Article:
Make: Westley Richards
Model: Patent Model of 1877 Falling Block Sporting Rifle
Serial Number: 1211
Year of Manufacture: 1882
Caliber: .45, 1 ½ Case
Action Type: Single Shot, Falling Block, Self-Cocking Exposed Hammer Rifle
Markings: The left of the barrel is marked “1000”, the top is marked “HENRY’S PATENT RIFLING / CARBINE / 1 ½ CASE”, the underside is marked “WR 237407 / 2 / POWLER / 1.82 N.A & A. CO LD / 52”, the serial number, and 3 Birmingham proof marks. The front of the receiver is marked with the serial number and assembly number 1000. The underside of the receiver has the serial number, the top of the forend has “1000”. The left of the receiver is marked “FIELD’S PATENT / NO 1927 / 1877”, the top is marked “1882” in triangle, the right is marked “MANUFACTURED BY / WESTLEY RICHARDS & CO. / BIRMINGHAM”. The receiver has nice scroll engraving, found again on the trigger guard and lower tang.
Barrel Length: 25”, Octagonal, Heavy Profile
Sights / Optics: The front sight is a ‘globe’ style cylindrical base with a small beaded post, the base is dovetailed onto the slide. The rear sight is a “V” notched standing leaf, with four other “V” leafs in front for ranges of 100 to 400 meters. Sitting yet ahead of this is a “V” leaf and flip-up ladder, with adjustment from 400 to 1200 meters. The top of the octagonal barrel is finely checkered for glare reduction.
Stock Configuration & Condition: The stocks are checkered walnut. The forend has a wooden nose cap and wrap-around checkers; the checkers are faded, it looks like the stock was sanded and re-varnished at some point, there is a chip loss on the right of the nose cap. The escutcheons for the wedge come off freely with the wedge, there are no screws present. The butt stock has a rounded and checkered pistol grip, a swivel bar is installed on the belly, the forward swivel is on the ram rod loop. The stock has also been sanded down, with a varnish finish. There are multiple repaired and un-repaired cracks around the wrist and tangs, the right of the upper tang has chip losses. There are compression marks on the surfaces, the wood has poor fit to the metal in areas. The LOP measures 14 1/8” from the front of the trigger to the back of the metal butt plate; the plate has a small circular door with a strong spring. The metal has been cold blued, the fit to wood is off, the pate is in about Fair to Good condition. The stocks rate in about Fair overall condition.
Type of Finish: We believe the surfaces have been cold blued.
Finish Originality: The finish is not original
Bore Condition: The bore is dark and the Henry’s Patent rifling is still highly defined. There is light to moderate depth erosion in scattered areas.
Overall Condition: This rifle retains about 0% of its original metal finish. The surfaces have been cold blued, with some areas of exposed bare metal. The surfaces have spots of surface erosion and heavier scuffing. Deeper erosion is found on the front sight and near the muzzle. Three of the leafs on the sight base are loose and do not stay up very well, the 100 meter leaf retains position well. Heavy marks are found on the front swivel and the ram rod loop. Please see our pictures of this rifle. The screw heads are disfigured in some cases, most have mild tooling. The markings are slightly faded in areas but are legible unless otherwise noted. Overall, this rifle rates in about Fair Plus to Good condition.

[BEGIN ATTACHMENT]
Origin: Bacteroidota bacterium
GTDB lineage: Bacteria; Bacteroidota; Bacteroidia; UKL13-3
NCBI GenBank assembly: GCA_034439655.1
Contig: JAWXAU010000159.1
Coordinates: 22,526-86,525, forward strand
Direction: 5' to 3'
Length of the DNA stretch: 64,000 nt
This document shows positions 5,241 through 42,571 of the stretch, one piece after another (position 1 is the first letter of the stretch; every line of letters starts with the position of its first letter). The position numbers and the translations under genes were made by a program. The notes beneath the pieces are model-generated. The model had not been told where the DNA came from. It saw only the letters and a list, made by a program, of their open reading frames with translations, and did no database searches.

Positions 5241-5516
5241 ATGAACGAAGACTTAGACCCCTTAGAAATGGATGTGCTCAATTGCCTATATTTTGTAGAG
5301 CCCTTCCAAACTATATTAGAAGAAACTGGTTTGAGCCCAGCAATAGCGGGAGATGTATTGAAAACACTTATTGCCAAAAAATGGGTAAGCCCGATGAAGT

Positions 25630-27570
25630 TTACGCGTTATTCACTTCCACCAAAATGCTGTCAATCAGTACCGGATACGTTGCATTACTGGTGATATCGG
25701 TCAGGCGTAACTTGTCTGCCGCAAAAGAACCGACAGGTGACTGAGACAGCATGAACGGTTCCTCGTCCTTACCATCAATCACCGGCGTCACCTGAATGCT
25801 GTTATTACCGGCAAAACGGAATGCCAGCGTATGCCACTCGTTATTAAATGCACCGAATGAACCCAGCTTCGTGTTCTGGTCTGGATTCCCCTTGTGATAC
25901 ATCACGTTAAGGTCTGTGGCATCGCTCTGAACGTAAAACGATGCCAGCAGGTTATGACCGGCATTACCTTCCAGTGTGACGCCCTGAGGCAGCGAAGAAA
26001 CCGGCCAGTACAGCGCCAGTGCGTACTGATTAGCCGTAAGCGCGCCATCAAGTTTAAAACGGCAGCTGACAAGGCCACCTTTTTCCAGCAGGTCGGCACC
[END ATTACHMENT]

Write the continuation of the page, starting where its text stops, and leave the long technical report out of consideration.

Mechanics: The action functions correctly. The action is opened by pressing on the right side lever, patent no. 1927, of 1877. The hammer has a half cock position, the spring is south of ‘strong’ but still works. We have not fired this rifle. As with all previously owned firearms, a thorough cleaning may be necessary to meet your maintenance standards.
Box, Paperwork & Accessories: None, NO RAM ROD IS INCLUDED
Our Assessment: Westley Richards & Co. began way back in 1812 and were recognized for their valuable advances in the evolution of firearms, including the 1881 Falling Block patent which is what we have here on this rifle. The action opens with a right side lever, exposing the breech; when pushed all the way down, an ejector kicks spent brass out. This rifle was made in 1882 in the 25” carbine configuration, in .45 1 ½ Case, which would have paired well with the multi-leaf and ladder sighting system. These rifles were sold to hobbyists who wanted to go on safari and not have to ram a ball down a bore after every shot. A system like this would have been on the cutting edge and top of every savvy gentleman’s wish list, with its engravings and beautiful construction. The Henry Patent rifling is still highly formed and the history of this rifle almost certainly includes dropping some animals; otherwise, it would have been an accepted platform for distance shooting.